As part of its departure from an anthropocentric position, the book appropriately begins and ends with the absence and silencing of human voices. The first piece, “In the Exclusion Zone,” begins:

Twenty-seven years, and in the utter absence of human life, in the stunned silence of human voices,
red deer and fierce boar

flourish—in the Exclusion Zone,
in Chernobyl’s Zone of Alienation,
the wolf, the lynx, the bear find refuge.

The Exclusion Zone becomes a site to explore posthuman ecosystems, to see what fills the cavities created by human activity. For Thon, there is always language beyond the human, a time when the need for words is gone: “​We know not how it hurts, but we can promise you this: when the heart explodes again, we’ll need no words: / the wind and the rain will tell us.”

While the second titular piece, “The Bodies of Birds,” is less an extinguishing of voice than its proliferation, Thon picks up this thread in the final piece, “Requiem in the Rain.” The piece ends with the image of language washing away, visually mirrored as text is replaced by unspeakable dashed lines scattering down the page. She writes: “​Brother, what we hear now is the absence of human voices. Pine, wind, wolf, lily. We are unfolding the birds in the rain, letting the rain be the rain, letting the rain tear them, letting the rain wash the words​” and later ending with “​we will need no more words / ever.​” She suggests a language beyond human language, that into the silence created by the absence of human voices, a new language, beyond words, emerges.

Thon’s work thrives in places where our language is deceptive or deficient — death, geologic time, perception, experiences of consciousness — places which she enters fearlessly, resurfacing with a new path that describes the indescribable. For example, in “The Bodies of Birds,” there are moments of vast temporal expansion and contraction, the narrative unfolding through a cascading chain of dashes, a constant pulse:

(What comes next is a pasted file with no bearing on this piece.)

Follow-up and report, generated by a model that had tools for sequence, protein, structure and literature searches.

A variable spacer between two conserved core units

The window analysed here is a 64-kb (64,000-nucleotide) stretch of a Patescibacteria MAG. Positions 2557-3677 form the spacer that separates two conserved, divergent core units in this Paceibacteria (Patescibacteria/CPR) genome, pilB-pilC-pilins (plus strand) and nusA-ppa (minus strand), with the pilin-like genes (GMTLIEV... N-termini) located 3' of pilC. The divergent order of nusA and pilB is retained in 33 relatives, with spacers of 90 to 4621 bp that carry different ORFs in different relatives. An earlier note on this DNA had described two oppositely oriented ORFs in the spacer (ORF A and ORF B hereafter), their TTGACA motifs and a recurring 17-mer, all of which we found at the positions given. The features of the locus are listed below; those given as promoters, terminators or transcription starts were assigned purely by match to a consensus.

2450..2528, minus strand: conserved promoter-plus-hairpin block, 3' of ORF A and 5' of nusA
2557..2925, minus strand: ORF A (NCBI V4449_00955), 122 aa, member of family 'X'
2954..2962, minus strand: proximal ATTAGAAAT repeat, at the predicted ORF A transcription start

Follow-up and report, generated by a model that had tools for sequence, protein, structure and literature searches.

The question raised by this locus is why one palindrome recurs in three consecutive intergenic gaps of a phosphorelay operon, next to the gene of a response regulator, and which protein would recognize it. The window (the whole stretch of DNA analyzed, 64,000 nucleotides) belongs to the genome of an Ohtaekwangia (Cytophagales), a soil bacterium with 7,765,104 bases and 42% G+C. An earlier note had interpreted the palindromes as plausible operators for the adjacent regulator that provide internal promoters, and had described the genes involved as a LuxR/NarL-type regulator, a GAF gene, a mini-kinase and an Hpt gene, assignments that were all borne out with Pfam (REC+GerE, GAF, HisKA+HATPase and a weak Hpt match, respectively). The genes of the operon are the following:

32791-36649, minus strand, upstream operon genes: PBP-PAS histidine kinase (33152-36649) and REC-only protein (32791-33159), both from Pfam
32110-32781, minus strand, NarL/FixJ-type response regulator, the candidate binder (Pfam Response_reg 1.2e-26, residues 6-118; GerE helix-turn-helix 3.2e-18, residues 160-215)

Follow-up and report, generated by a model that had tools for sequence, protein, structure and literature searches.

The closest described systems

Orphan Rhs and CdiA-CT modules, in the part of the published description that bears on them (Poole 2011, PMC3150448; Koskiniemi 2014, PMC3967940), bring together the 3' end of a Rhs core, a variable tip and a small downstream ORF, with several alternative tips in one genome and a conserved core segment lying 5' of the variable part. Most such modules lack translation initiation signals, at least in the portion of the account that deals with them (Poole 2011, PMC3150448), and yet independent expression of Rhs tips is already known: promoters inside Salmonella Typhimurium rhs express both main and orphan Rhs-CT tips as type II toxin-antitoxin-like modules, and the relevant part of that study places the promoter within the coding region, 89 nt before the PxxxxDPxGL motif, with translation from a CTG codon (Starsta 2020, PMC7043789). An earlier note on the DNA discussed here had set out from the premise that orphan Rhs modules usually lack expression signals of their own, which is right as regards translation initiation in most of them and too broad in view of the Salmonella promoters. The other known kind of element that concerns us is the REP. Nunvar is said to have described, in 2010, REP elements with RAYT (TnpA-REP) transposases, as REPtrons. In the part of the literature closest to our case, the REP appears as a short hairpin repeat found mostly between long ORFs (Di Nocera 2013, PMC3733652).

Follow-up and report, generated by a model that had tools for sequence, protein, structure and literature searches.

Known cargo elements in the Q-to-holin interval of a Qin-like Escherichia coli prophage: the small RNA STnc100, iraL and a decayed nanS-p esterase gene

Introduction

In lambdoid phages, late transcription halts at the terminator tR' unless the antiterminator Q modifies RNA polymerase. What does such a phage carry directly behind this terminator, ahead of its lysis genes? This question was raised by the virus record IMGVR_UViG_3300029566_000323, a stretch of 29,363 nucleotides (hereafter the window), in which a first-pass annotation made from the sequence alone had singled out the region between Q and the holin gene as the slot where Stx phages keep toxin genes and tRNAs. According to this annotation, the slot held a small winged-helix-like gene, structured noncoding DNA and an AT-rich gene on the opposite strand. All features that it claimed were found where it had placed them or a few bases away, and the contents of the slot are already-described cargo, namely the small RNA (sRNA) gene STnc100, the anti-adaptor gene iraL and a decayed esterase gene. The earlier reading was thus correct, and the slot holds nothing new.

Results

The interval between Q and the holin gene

The sun will rise and go down, the flesh be cleaved, the body opened—human hands will hold the human heart—the lungs, the liver—meteors will pummel the earth—the body of one will be many—ditches will flood and spill, rivers surge and roil—some of the bodies will swirl in silt, some gasp and breathe, some swim to shore—

In this one vatic paragraph, Thon conjures the immensity of experience, shifting from geologic time (“meteors will pummel the earth”) to the time of an instant (“human hands will hold the human heart”).

It is difficult to describe the book’s lyricism in any other way besides liquid metaphors: it swirls, it ripples, it eddies through its narrative waves. Most simply, it moves. The book is not statically expansive but dynamically expanding, it breathes and pulses, a river that cannot help but carry what it touches along. The three swirling pieces of this slim triptych ripple through each other, all deeply invested in sites of connection and transference. Despite its size, the book is impossibly spacious (and equally impossible to reduce), reaching across webs rather than presenting discrete ideas: trauma, the post-human space of Chernobyl, the language of the dead, the body, violence, ecological and personal trauma, consciousness beyond the human, the body beyond the human, gun violence, time, destruction, and loss. It is a fearlessly meditative book, one that seems to reach out endlessly without ever coming untethered.

Blair Johnson is a poet and PhD candidate in English at the University at Buffalo. Her poems have appeared in Boston Review, DIAGRAM, and Best American Experimental Writing.